discover on the next page of the Constitution a provision broad enough to have resolved all their doubts, and saved them from all their misgivings. Great honor to the lights of modern democracy!
The annexation of Texas to this Union, per fas aut per nefas, seems now to be inevitable. The consummation of a scheme of treachery without a parallel in the history of the intercourse of civilized nations, unless we except that most atrocious of national crimes, the dismemberment of Poland—and the last suicidal act in the drama which shall manifest to our own citizens and to the world that the Federal Constitution, whenever its provisions or its restrictions stand in the way of executive or party purposes, is worthless parchment merely, and of no controlling force—are evidently at hand. The act of Congress by which the measure is to be effected is undoubtedly a nullity as unauthorized by the Constitution; and it would be the duty of the Supreme Court, should the question be presented to it in any of the various ways in which it is capable of being so presented, to declare it a nullity. What might be the effect on the country of such a decision of that high tribunal, were it to be made, it is, perhaps, not easy to foretell. Probably it would be disregarded, as the adjudications of that court have before now been disregarded when they have come in conflict with the interests or the determinations of sovereign states.
But our country is our country still—and Whigs are Whigs still; and, while Whigs, patriots, reverencing their country, and always ready to aid in sustaining and defending that country, and the Union, and the broken but still honored Constitution. If, in the approaching session of Congress, in any unexpected concurrence of circumstances, there shall seem to be a reasonable prospect of averting, even now, the consummation of the outrageous measure by Whig opposition and Whig exertion, that opposition and those exertions will unquestionably be made. Otherwise, and in the present aspect of the business, it is presumed the representatives in that body of the Whigs—representatives in fact of the genuine, unbiased opinions, upon that point, of a large majority of the whole people of the country—having already in past sessions exposed and denounced with surpassing ability, the bad faith, the impolicy, and the unconstitutionality of the measure, will bestow their exertions and their counsels in rendering the final arrangements of the business as little hurtful as may be to the common welfare.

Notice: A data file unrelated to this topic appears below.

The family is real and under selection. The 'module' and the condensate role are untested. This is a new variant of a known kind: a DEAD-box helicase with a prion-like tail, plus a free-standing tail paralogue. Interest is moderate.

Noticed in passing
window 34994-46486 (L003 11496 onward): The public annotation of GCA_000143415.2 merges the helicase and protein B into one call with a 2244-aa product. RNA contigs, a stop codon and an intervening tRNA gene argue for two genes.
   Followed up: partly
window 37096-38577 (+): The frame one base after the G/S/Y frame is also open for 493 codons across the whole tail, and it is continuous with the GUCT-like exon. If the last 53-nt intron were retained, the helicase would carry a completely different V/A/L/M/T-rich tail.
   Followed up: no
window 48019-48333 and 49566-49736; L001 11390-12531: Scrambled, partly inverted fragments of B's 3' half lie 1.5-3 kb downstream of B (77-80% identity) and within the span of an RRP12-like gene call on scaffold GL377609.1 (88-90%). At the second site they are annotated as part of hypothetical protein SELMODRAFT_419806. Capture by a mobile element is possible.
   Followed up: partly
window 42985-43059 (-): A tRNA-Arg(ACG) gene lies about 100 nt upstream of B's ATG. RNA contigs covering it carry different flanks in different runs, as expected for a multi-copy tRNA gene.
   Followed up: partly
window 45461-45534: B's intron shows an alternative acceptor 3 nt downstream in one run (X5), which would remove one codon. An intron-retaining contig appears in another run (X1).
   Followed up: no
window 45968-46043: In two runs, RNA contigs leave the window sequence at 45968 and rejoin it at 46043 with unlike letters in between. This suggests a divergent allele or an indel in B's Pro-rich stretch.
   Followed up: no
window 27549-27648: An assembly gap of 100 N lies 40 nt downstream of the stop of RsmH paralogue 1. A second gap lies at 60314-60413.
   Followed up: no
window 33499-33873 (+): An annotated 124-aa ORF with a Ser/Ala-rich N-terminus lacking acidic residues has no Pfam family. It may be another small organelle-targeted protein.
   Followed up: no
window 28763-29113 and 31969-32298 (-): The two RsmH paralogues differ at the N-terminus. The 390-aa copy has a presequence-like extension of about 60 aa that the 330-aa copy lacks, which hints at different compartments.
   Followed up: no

Into the pleasant Land
My portals open wide,
Where life is all a Holiday
From morn to even tide.
A soft purpureal atmosphere
Above its plains is hung,
A summer Noon and Twilight fused
And mingled into one.
From all its bounds the turbaned Cock
Is banished far away.
As erst he was from Sybaris,
Where drowsy people Jay,
Indulging drowsy phantasies.
Long after break of day.
The Cricket's wiry song by night,
By day the Humble Bee's,
The loudest noises are that float
Upon the Elfin breeze.
Within this land, a multitude
Of shadowy people dwell.
Whose words and deeds, in upper air,
Men never cease to tell.
- The Sybarites, who lived in a hollow, were late risers, and they ostracised Chanticleer as a nuisance. It was unlawful in the same city, for braziers and smiths, of all kinds, to work, except with muffled hammers.